The Idealist View Against the Realist (The Argument).

The Idealist View Against the Realist

The Argument

Over the years, the true meaning of who a leader is (realist view) or should be (idealist view), or what leadership means is now a matter of contest among perspectives.

Each perspective dangles like a pendulum against the other–all for either a selfish reason or for a selfless one. More distinctive to note however is that, since no world can truly survive on selfishness without painting her own greedy, savage, uncaring and chaotic picture, the definition of ‘leader’ and ‘leadership’ from a selfless point of view, perspective, or thought may be found to be socially preferable.

Now, the ideal question of who a leader is, or what leadership means is a taunting challenge against the leadership that now pervades our reality.

It is indeed a sad feel, to bear the burden of such consciousness that what ought not to have qualified as leaders are now constantly being, and of course being built most directly and indirectly without a tinge of shame in those who exemplify the travesty.

It is no more pretense, across all human affairs, to note that there is no shame at all about the disreputable results this reality produces!!!

What then is leadership according to the idealist?

Leadership, in the words of Mwai Kibaki-a reputable Kenyan politician, ‘is a privilege to better the lives of others. It is not an opportunity to satisfy personal greed.’ Or to further establish the argument of this selfless perspective, it also, to Sheryl Sanberg, ‘is about making others better as a result of your presence and making sure that impact lasts in your absence.’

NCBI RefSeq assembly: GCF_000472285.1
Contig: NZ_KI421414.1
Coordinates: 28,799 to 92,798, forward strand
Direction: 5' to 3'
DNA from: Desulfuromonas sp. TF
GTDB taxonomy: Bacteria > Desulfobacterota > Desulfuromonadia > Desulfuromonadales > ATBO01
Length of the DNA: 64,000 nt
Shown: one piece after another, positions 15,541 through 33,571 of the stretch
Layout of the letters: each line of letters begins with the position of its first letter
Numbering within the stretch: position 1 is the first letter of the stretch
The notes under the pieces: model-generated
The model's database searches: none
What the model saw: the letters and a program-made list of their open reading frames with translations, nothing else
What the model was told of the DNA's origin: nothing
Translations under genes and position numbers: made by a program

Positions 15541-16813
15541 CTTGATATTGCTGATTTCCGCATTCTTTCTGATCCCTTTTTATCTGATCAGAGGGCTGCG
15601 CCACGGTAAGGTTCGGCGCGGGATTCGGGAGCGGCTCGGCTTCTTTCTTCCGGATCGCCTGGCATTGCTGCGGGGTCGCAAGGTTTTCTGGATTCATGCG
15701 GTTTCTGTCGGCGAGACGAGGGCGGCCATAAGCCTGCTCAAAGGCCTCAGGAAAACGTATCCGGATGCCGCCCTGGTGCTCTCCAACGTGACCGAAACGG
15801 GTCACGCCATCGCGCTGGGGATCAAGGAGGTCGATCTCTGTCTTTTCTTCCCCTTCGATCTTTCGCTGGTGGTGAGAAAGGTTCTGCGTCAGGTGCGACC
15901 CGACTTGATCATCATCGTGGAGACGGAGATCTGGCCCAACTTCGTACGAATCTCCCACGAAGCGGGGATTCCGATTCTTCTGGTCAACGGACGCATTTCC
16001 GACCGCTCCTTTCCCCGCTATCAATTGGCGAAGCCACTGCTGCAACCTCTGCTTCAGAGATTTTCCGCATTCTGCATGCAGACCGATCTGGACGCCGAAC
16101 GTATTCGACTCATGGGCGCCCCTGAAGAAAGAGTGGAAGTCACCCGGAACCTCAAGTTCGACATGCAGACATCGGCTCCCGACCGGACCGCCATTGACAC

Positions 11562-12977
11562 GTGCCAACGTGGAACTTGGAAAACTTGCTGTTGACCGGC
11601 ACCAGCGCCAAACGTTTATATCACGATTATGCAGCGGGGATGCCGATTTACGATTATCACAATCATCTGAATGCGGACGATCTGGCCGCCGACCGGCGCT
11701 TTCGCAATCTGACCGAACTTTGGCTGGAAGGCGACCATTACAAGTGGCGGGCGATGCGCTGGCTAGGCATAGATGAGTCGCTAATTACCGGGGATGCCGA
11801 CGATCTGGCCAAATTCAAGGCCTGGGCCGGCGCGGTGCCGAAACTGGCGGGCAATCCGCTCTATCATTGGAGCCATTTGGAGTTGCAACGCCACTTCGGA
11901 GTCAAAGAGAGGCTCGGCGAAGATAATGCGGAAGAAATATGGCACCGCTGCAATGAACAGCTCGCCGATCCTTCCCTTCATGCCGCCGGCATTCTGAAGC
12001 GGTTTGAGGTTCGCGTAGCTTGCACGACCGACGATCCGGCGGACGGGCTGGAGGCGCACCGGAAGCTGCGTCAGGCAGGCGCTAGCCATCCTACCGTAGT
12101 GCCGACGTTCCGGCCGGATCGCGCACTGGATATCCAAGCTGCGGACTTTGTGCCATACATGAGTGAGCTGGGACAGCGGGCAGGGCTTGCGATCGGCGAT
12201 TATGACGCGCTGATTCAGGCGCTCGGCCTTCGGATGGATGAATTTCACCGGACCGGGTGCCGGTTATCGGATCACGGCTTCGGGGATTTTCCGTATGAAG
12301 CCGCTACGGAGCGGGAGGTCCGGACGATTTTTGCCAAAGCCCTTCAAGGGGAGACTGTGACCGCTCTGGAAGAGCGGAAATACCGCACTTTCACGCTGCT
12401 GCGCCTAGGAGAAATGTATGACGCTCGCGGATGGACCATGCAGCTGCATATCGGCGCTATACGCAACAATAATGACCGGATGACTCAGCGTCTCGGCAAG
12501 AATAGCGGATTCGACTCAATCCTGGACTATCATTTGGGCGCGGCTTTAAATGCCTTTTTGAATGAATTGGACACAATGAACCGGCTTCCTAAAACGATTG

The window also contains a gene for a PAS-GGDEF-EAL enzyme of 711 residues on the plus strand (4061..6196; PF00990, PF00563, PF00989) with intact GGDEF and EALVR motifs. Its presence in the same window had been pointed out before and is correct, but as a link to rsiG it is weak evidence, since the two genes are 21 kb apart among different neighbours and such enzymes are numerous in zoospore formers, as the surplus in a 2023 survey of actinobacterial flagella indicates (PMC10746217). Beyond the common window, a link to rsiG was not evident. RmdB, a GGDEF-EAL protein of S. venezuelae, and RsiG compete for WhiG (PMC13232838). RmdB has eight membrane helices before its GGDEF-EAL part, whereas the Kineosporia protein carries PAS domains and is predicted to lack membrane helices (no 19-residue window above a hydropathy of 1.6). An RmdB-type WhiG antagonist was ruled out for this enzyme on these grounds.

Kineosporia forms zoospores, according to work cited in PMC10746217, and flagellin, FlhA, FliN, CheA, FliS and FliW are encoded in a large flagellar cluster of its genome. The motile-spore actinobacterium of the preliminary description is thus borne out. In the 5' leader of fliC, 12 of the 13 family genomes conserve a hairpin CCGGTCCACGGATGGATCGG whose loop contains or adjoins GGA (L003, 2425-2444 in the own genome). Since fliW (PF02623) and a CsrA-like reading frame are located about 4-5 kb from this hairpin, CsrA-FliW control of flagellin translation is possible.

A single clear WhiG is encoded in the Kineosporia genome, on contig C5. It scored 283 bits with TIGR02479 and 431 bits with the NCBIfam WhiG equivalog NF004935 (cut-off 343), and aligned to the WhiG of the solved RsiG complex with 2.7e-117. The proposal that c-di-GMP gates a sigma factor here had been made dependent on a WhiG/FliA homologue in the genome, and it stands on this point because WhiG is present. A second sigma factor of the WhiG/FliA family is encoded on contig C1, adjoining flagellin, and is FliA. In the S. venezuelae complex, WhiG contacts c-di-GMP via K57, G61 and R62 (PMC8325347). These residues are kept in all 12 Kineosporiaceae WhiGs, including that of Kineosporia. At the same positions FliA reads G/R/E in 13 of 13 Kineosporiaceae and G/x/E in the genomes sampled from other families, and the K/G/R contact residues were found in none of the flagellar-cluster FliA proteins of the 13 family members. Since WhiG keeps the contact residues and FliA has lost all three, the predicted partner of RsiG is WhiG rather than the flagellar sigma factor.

Yet, it is inscrutable how a considerable size of popular acceptance finds space for the kind of ‘leadership’ that is defined only by benefits for the one person who in turn comfortably dreams and labels him- or herself ‘a leader’ over those whom he or she regards as not worthy of benefits other than work and blame!

Nelson Mandela rightly puts this against the blame business of the new generation of rogues who now flood themselves as leaders that ‘it is better to lead from behind and to put others in front, especially when you celebrate victory when nice things occur.

You take the front line when there is danger. Then people will appreciate your leadership.’ Leaders and leadership are definitions of strength, rugged determination, fortitude, kindness that is not weakness, funniness that is not folly, sacrifice and hope; it is not witty idleness, whimsicality or comfort that seeks to enslave for personal gain and pride. It is not a detriment to humanity, rather the uplift of it.

Therefore, for the sake of the future in liberating today from the tethers of its selfishness, we must agree with Bill Gates who predicts that ‘as we look ahead into the next century, leaders will be those who empower others’ remarkably, not inconspicuously.


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